[2014] EWHC 369 (fam)

30/10/2014

Barristers

Kate Branigan QC
Andrew Powell

Court

High Court Family Division

Practice Areas

Public Children Law

Summary

Fact finding hearing undertaken in relation to unusual injuries in circumstances where there had been substantial delay from a failure of the police and a Hospital Trust to disclose documents

Facts

The Local Authority issued public law proceedings following allegations that “E” a baby aged 3 months, sustained a series of unusual injuries inflicted by one of her parents in January 2013. Some of those injuries were said to have occurred while the child was in hospital. The child’s older sister “I” had in January 2012 sustained a fractured finger. At the time that was attributed to an accident but, following the injuries sustained by E, an allegation that the fracture was a  non-accidental injury was pursued by the local authority.

A fact finding was heard over 21 days. Mr Justice Baker, in coming to his conclusions reminded himself of the following principles when undertaking a fact finding exercise:

i) The burden of proof rests with the local authority.

ii) The standard of proof is the balance of probabilities.

iii) Findings of fact must be based on evidence and speculation must be avoided, especially where there is a gap in the evidence.

iv) Each piece of evidence must be considered in the context of all other evidence.

v) Appropriate attention must be paid to medical experts, but their opinions need to be considered in the context of all other evidence.

vi) The court must be careful to ensure that each expert keeps within the bounds of their own expertise and defers to others when appropriate.

vii) The evidence of parents/carers is of the utmost importance and the court must form a clear assessment of their credibility and reliability. They must have the opportunity to take part in the hearing, the court being likely to place considerable weight on their evidence.

viii) The court must give itself a Lucas direction.

ix) The court must not forget that medical certainty may be disregarded in the future and to consider the possibility of the unknown cause.

x) The test to identify whether a particular person is in the pool of perpetrators is whether there is a likelihood or a real possibility that he was the perpetrator. Where it is impossible on the balance of probabilities to find that one person rather than another caused an injury, then neither can be excluded from the pool.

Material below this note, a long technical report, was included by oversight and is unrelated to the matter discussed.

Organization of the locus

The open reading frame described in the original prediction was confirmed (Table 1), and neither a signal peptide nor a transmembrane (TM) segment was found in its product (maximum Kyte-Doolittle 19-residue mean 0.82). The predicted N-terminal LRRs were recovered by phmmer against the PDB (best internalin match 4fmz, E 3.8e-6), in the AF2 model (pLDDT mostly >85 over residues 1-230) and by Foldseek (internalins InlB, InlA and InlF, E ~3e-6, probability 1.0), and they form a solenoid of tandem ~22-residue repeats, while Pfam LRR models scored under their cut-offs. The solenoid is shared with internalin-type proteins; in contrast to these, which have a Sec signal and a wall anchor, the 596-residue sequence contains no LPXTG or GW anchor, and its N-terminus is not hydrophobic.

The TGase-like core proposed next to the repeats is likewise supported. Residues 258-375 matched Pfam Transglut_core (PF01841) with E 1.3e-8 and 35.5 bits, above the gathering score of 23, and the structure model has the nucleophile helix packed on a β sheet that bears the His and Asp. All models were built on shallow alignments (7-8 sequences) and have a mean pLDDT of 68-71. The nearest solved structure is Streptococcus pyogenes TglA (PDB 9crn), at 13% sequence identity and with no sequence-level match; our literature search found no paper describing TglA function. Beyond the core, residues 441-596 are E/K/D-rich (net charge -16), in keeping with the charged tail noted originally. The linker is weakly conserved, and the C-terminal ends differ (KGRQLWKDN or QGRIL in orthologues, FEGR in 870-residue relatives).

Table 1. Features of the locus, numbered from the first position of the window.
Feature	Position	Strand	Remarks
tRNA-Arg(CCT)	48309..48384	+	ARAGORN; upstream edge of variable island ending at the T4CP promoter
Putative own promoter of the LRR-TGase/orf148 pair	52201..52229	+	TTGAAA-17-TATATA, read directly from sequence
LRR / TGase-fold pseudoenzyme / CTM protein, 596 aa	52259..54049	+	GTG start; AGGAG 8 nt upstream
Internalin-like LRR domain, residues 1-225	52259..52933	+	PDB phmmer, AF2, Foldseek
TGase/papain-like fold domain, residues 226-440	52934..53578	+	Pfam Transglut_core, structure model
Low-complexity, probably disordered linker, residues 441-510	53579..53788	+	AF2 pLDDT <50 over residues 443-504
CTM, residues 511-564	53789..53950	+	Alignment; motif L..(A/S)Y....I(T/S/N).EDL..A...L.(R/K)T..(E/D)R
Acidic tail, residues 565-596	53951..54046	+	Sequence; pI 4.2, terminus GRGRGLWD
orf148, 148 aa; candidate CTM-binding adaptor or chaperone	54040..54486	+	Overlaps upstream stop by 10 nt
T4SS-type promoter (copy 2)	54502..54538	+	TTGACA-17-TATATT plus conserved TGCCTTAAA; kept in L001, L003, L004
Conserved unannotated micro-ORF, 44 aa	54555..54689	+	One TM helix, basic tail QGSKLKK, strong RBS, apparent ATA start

Held

Mr Justice Baker having considered all the evidence concluded that one of E’s injuries with subsequent trauma resulting from it was inflicted deliberately by the mother. He did not find that the local authority had proved that I’s fracture was inflicted non-accidentally nor that E’s other injuries were non-accidentally inflicted. He also did not find that that the allegation of induced illness was proved on a balance of probabilities.

There had been considerable difficulties in obtaining disclosure by the police and the Hospital Trust which led to the proceedings being adjourned several times and greatly delayed. Mr Justice Baker found that the police had repeatedly failed to comply with orders for disclosure, failed to take advantage of the provisions contained in the disclosure orders giving them liberty to apply, and then disclosed a substantial volume of material after the hearing had started. Mr Justice Baker commented that he agreed that one way of addressing police failure to disclose documents is to identify one individual in the police force who will be responsible for facilitating disclosure. He reminded of the need for all police forces to comply with the new Protocol on Disclosure.

Mr Justice Baker also found that the Hospital and its governing Trust was also culpable, having failed to disclose some important material. He stated that hospitals need to develop better practices to ensure that all relevant material is identified and disclosed promptly.

Mr Justice Baker did however acknowledge the police and Hospital Trust’s criticisms that some of the orders were too widely drawn. He commented that parties and the court must always ensure that only relevant disclosure is sought.

Fact finding hearing undertaken in relation to unusual injuries in circumstances where there had been substantial delay from a failure of the police and a Hospital Trust to disclose documents

Permission

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